I’ve just started developing a “B-movie” with a head and a heart, in the horror-comedy genre. Inspired by the industry’s hunger for low-budget, single-location scripts. Think Buried meets Shaun of the Dead crossed with Night of the Creeps, Tremors, The Stuff (Larry Cohen and a recent trip to a Spanish lagoon my main influences for this one).
What’s the most difficult thing about your creative journey?
I suppose coming to terms with my disabilities (if we have to label things, I prefer the term “neurodiverse”), which caused me a lot of loneliness and depression throughout my twenties (I have just turned thirty); I felt estranged from society and human experience. My work output may seem impressive, but it was sporadic. It’s only since I met my wonderful lady love partner that my life has dramatically improved, and so has my work/output as a result. It’s an ongoing struggle (see question about best advice). My partner tells me I’m a workaholic and has to talk me down/snap me out of it sometimes, as the insular/obsessive/hyperfocus/tunnel vision nature of autism especially can lock me into a cycle and prevent me from living my life or basically taking care of myself. This is a gift and a curse, though the stress of not being able to let go of a world or its characters even after finishing (it can feel like a neverending queue that people continually join or ants multiplying in my head) can require a few days of coming down.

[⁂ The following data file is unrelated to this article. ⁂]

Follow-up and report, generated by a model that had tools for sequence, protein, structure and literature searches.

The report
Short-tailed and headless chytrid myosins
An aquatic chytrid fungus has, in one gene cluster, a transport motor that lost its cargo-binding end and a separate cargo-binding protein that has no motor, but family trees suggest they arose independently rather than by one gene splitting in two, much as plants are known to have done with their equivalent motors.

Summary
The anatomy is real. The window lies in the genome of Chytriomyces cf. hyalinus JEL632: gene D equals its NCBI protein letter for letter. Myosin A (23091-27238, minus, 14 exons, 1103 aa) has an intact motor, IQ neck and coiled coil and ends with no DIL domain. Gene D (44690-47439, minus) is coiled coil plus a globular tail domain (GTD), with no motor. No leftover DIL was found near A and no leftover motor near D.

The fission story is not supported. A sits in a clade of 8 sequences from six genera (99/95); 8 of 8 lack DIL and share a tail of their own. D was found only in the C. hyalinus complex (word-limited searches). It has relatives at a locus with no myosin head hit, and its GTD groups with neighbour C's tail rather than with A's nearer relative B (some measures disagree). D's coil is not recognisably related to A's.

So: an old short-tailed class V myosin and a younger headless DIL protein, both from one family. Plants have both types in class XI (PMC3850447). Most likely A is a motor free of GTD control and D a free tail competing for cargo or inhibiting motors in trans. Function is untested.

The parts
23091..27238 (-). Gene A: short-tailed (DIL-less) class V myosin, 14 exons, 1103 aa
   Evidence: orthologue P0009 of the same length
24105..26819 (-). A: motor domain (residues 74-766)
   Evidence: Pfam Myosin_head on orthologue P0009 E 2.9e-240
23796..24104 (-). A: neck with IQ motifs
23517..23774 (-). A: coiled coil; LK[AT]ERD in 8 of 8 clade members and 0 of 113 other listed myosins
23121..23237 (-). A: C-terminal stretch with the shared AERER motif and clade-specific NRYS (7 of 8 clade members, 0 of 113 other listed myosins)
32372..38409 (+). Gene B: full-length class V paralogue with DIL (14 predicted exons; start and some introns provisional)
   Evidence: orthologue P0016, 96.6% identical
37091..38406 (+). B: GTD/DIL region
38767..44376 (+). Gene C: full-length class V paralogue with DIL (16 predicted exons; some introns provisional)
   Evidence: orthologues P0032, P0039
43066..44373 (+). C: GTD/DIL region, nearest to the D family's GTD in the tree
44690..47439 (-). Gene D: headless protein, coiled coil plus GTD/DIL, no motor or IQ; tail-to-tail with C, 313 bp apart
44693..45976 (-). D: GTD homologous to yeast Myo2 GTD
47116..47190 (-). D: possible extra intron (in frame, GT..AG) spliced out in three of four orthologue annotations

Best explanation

Echoes: a 2016 short film from writer/director/editor and producer Josh Merritt. Based loosely on and inspired by Syd Barrett of Pink Floyd’s “missing years”, as well as Ginger Baker from Cream, Echoes attempts to broach and question subjects like crises of identity, dementia, celebrity, the nature of guilt, and the hallucinogenic powers of repression through the visage of psychedelic rock mythology and intrigue, spinning on the age-old question of: Where are they now?
And, the flipside. What’s the most enjoyable for you?
The satisfaction of having created a world I can control, and being good at something: storytelling. Getting to meet and work, talk with amazing people. Connecting with something wider than yourself. Subversively communicating what you would struggle to otherwise or what would be frowned upon as “taboo” usually and having fun doing so!